ATHLETICS: Christie flies in to watch from the wings

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The Independent Online


reports from Barcelona

Linford Christie will, after all, be just a spectator as the World Indoor Championships begin here today.

He discovered yesterday that it was effectively impossible for him to run in the 60 metres, even though he had indicated in a letter from his agent that he "would honour" a promised appeal by the president of the International Amateur Athletic Federation, Primo Nebiolo.

Christie's proviso was that his inclusion would not affect Britain's nominated 60m runners, Darren Braithwaite and Mike Rosswess.

Responding on behalf of the president - who was dining with King Juan Carlos in Madrid - the IAAF chief of staff wrote back thanking Christie for his response. "However," he added, "we must clarify that the IAAF president's hope was, and remains, with the understanding that Linford would be one of the two athletes representing Great Britain in the 60m and/or 200m."

It was a final, farcical twist of events in a situation which has fluctuated bizarrely since Christie announced on 25 February that he would, after all, run in the championships.

Yet the wrangling over Christie paled in comparison to the traumatic experience which, it was revealed yesterday, has robbed the organisers of Venuste Niyongabo, the 21-year-old from Burundi, who has established himself as the best middle distance runner in the world behind Noureddine Morceli.

Niyongabo, who has lived in Sienna for three years, was detained for three hours by customs officials when he arrived at Barcelona airport on Wednesday afternoon before being deported back to Rome airport.

Due to paperwork arriving late from Niyongabo's home federation, no full visa was ready for him, but the championships' organisers told him to travel and guaranteed that they would clear his arrival.

Niyongabo, wearing his tracksuit and carrying his kit, became separated from his agent, Enrico Dionisi, who had several of his important documents. When he arrived at Rome, he was too late to catch a train back to Sienna and spent the night at the railway station before making his way back yesterday morning.

"I felt like a homeless person," he told the IAAF's press officer, Christopher Winner, yesterday. The Minister of Sport for Spain offered him a full apology and asked if he would consider returning.

"He said he had nothing against Spain, but he was just too tired after what he had gone through," Winner said. "He was terrified by his experience."

It was unfortunate that the latest IAAF magazine carries a profile of Niyongabo headlined "The Can't Miss Kid". That is merely indicative of the kind of luck the international federation is having as it seeks to project a world event which is notably lacking world-class athletes in certain areas. Niyongabo said that he might return to join his agent, who was frantic with worry about him until discovering his whereabouts yesterday.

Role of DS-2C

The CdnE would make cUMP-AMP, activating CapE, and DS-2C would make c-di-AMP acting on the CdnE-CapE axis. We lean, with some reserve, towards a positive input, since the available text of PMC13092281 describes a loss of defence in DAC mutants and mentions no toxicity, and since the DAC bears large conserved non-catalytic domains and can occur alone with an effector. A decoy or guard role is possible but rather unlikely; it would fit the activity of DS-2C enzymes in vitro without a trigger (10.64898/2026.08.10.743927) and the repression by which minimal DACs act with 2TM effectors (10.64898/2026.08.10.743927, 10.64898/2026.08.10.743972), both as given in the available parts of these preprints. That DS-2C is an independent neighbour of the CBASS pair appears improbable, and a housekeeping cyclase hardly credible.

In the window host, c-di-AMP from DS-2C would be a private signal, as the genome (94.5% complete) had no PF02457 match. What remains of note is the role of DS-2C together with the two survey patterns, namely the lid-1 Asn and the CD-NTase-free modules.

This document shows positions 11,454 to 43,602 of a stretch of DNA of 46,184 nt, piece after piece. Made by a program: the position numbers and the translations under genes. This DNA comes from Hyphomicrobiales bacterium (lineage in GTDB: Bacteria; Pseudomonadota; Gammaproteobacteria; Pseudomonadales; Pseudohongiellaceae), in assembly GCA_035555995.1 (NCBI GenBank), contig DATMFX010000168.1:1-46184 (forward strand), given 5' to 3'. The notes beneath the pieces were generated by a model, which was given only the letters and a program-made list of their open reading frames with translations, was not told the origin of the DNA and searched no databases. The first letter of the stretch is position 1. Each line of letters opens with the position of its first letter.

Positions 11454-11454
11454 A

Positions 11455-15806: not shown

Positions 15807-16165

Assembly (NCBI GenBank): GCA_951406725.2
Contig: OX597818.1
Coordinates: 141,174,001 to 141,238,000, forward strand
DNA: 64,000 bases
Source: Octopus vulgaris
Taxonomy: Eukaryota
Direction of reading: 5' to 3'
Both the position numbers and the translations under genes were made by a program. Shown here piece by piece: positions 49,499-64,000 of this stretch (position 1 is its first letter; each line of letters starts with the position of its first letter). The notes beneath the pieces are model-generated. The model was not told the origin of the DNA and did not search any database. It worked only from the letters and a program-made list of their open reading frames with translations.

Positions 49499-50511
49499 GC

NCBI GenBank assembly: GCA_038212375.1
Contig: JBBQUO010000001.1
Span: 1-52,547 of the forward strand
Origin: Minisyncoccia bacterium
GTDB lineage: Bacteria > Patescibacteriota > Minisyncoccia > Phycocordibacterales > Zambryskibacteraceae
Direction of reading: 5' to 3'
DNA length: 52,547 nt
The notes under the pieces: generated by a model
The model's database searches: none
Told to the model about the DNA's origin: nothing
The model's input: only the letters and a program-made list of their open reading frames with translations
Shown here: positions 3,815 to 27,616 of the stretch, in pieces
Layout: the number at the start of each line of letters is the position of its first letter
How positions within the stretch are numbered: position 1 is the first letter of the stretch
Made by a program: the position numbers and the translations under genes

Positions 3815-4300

If so, this event - absurdly - will take place with two of the greatest athletes in the world in the stands.

Christie, who was due to arrive in Barcelona late last night, has travelled with the intention of supporting the British team. But the national coach, Malcolm Arnold, and the team manager, Verona Elder, made it clear yesterday that they do not recognise Christie in the role of non-playing captain. If any captain were to be needed, they would be nominated in a team management meeting due to take place late last night.

The championships still have competitors of the highest calibre, including Sergei Bubka, Ukraine's world pole vault champion, and Irina Privalova, Russia's world 60m record holder who will explore her huge potential in the 400m against the outdoor world champion, Jearl Miles of the United States.

Britain's women look unlikely to gain a medal, although Jacqui Agyepong in the 60m hurdles and Melanie Neef in the 400m may surpass themselves. But the men could yet have a gold medallist in John Regis, who flew in yesterday after recovering from a hamstring injury and says he is ready to take on Norway's European champion, Geir Moen, over 200m. "I have been pain-free since Monday," he said. "I wouldn't be here if I didn't think I could do justice to myself."

Regis's training partner, Tony Jarrett, also has a championship chance in the 60m hurdles in the absence of his perennial rival, Colin Jackson. However, Allen Johnson, the American athlete who has beaten Jackson this season, is likely to start as the favourite.

Christie's absence from the 60m could help move Braithwaite or Rosswess into medal contention today.

Bruny Surin, Canada's defending champion, and Andrei Grigoriev, of Russia, are the only faster runners this season who are here, having done 6.52sec to Braithwaite's best of 6.54.

By the same token, Niyongabo's absence may help John Mayock to earn a medal in the 3,000m to go alongside the European indoor silver he picked up in 1992.

Hylton checks in, page 47